Some guanylyl cyclase activity has been discovered.[19] While all microbial rhodopsins have significant sequence homology to one another, they have no detectable sequence homology to the G-protein-coupled receptor (GPCR) family to which animal visual rhodopsins belong. Nevertheless, microbial rhodopsins and GPCRs are possibly evolutionarily related, based on the similarity of their three-dimensional structures. Therefore, they have been assigned to the same superfamily in Structural Classification of Proteins (SCOP).[20]


  1. ^ Perception (2008), Guest Editorial Essay, Perception, p. 1 
  2. ^ Litmann BJ, Mitchell DC (1996). "Rhodopsin structure and function". In Lee AG. Rhodopsin and G-Protein Linked Receptors, Part A (Vol 2, 1996) (2 Vol Set). Greenwich, Conn: JAI Press. pp. 1–32.  
  3. ^ a b c Stuart JA, Brige RR (1996). "Characterization of the primary photochemical events in bacteriorhodopsin and rhodopsin". In Lee AG. Rhodopsin and G-Protein Linked Receptors, Part A (Vol 2, 1996) (2 Vol Set). Greenwich, Conn: JAI Press. pp. 33–140.  
  4. ^ Encyclopedia of the Neurological Sciences. Academic Press. 29 April 2014. pp. 441–.  
  5. ^ Giese, Arthur C. (24 September 2013). Photophysiology: General Principles; Action of Light on Plants. Elsevier. p. 9.  
  6. ^ Hofmann KP, Heck M (1996). "Light-induced protein-protein interactions on the rod photoreceptor disc membrane". In Lee AG. Rhodopsin and G-Protein Linked Receptors, Part A (Vol 2, 1996) (2 Vol Set). Greenwich, Conn: JAI Press. pp. 141–198.  
  7. ^ Kolb H, Fernandez E, Nelson R, Jones BW (2010-03-01). "Webvision: Photoreceptors". University of Utah. 
  8. ^ Bownds, D; Wald G (1965). Nature 205: 254–257.  
  9. ^ Yoshizawa, T; Wald G (1963). Nature 197 (Mar 30): 1279–1286.  
  10. ^ Matthews, R; Hubbard R, Brown, P K and Wald G (1963). J Gen Physiol 47: 215–240. 
  11. ^ Nakamichi H, Okada T (June 2006). "Crystallographic analysis of primary visual photochemistry". Angew. Chem. Int. Ed. Engl. 45 (26): 4270–3.  
  12. ^ Schreiber M, Sugihara M, Okada T, Buss V (June 2006). "Quantum mechanical studies on the crystallographic model of bathorhodopsin". Angew. Chem. Int. Ed. Engl. 45 (26): 4274–7.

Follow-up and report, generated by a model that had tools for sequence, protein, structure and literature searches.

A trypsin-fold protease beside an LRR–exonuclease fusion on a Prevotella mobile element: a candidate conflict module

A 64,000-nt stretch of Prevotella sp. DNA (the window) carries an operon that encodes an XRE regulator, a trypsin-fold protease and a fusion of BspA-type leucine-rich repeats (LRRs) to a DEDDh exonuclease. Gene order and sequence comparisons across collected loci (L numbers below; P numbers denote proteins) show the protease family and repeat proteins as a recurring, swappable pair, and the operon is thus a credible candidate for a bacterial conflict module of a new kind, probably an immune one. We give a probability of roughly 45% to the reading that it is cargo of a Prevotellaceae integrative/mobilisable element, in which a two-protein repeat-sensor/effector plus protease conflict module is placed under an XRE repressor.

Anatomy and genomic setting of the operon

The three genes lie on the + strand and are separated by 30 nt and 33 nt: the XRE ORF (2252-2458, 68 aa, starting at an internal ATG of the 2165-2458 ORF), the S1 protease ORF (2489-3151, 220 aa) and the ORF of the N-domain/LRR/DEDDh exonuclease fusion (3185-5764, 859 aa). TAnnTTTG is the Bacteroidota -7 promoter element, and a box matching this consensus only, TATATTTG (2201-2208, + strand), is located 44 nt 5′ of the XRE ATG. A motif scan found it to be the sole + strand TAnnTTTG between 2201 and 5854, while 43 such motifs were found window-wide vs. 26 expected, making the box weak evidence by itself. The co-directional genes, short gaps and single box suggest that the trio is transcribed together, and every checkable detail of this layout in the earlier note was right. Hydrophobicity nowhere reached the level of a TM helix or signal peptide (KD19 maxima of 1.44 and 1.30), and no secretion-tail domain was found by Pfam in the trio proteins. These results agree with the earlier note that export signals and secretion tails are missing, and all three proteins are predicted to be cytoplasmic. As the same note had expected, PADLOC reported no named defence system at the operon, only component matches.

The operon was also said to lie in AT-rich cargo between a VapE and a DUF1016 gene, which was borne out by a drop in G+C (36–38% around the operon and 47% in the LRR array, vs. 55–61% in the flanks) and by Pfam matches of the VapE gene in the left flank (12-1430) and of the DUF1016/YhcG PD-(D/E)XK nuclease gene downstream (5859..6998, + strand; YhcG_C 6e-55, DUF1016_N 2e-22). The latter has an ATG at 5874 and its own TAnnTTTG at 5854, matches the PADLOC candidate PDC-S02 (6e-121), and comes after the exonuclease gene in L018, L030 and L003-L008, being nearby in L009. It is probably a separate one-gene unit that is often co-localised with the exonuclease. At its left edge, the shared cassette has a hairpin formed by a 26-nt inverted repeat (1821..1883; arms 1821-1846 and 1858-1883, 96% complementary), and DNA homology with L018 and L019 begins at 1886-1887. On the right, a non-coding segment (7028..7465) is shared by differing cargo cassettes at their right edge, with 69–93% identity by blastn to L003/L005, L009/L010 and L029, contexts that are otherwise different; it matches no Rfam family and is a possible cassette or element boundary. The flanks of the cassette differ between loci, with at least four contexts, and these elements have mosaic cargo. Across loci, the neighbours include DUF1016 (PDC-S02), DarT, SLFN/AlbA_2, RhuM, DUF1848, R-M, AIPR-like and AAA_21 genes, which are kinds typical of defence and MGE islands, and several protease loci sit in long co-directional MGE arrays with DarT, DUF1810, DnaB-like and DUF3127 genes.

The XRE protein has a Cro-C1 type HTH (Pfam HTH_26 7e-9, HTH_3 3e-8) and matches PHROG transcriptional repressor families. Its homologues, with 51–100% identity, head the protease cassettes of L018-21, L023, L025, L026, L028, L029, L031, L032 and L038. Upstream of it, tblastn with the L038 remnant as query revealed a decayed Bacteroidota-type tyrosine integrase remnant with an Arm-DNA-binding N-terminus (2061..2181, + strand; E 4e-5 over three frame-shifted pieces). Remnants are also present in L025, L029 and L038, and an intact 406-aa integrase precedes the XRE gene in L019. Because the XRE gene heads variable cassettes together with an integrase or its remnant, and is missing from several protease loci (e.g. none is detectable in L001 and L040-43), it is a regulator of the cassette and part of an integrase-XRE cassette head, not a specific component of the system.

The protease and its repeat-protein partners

13. ^ Weingart O (September 2007). "The twisted C11-C12 bond of the rhodopsin chromophore--a photochemical hot spot". J. Am. Chem. Soc. 129 (35): 10618–9.  
  14. ^ Chabre M, le Maire M (July 2005). "Monomeric G-protein-coupled receptor as a functional unit". Biochemistry 44 (27): 9395–403.  
  15. ^ a b c Heck M, Schädel SA, Maretzki D, Bartl FJ, Ritter E, Palczewski K, Hofmann KP (January 2003). "Signaling states of rhodopsin. Formation of the storage form, metarhodopsin III, from active metarhodopsin II". J. Biol. Chem. 278 (5): 3162–9.  
  16. ^ Saliba RS, Munro PM, Luthert PJ, Cheetham ME (15 July 2002). "The cellular fate of mutant rhodopsin: quality control, degradation and aggresome formation". J. Cell. Sci. 115 (Pt 14): 2907–18.  
  17. ^ a b Mendes HF, van der Spuy J, Chapple JP, Cheetham ME (April 2005). "Mechanisms of cell death in rhodopsin retinitis pigmentosa: implications for therapy". Trends Mol Med 11 (4): 177–85.  
  18. ^ a b Bryant DA, Frigaard NU (November 2006). "Prokaryotic photosynthesis and phototrophy illuminated". Trends Microbiol. 14 (11): 488–96.  
  19. ^ U. Scheib, K. Stehfest, C. E. Gee, H. G. Körschen, R. Fudim, T. G. Oertner, P. Hegemann (2015). "The rhodopsin-guanylyl cyclase of the aquatic fungus Blastocladiella emersonii enables fast optical control of cGMP signaling". Science Signaling 8 (389): r8. 
  20. ^

Further reading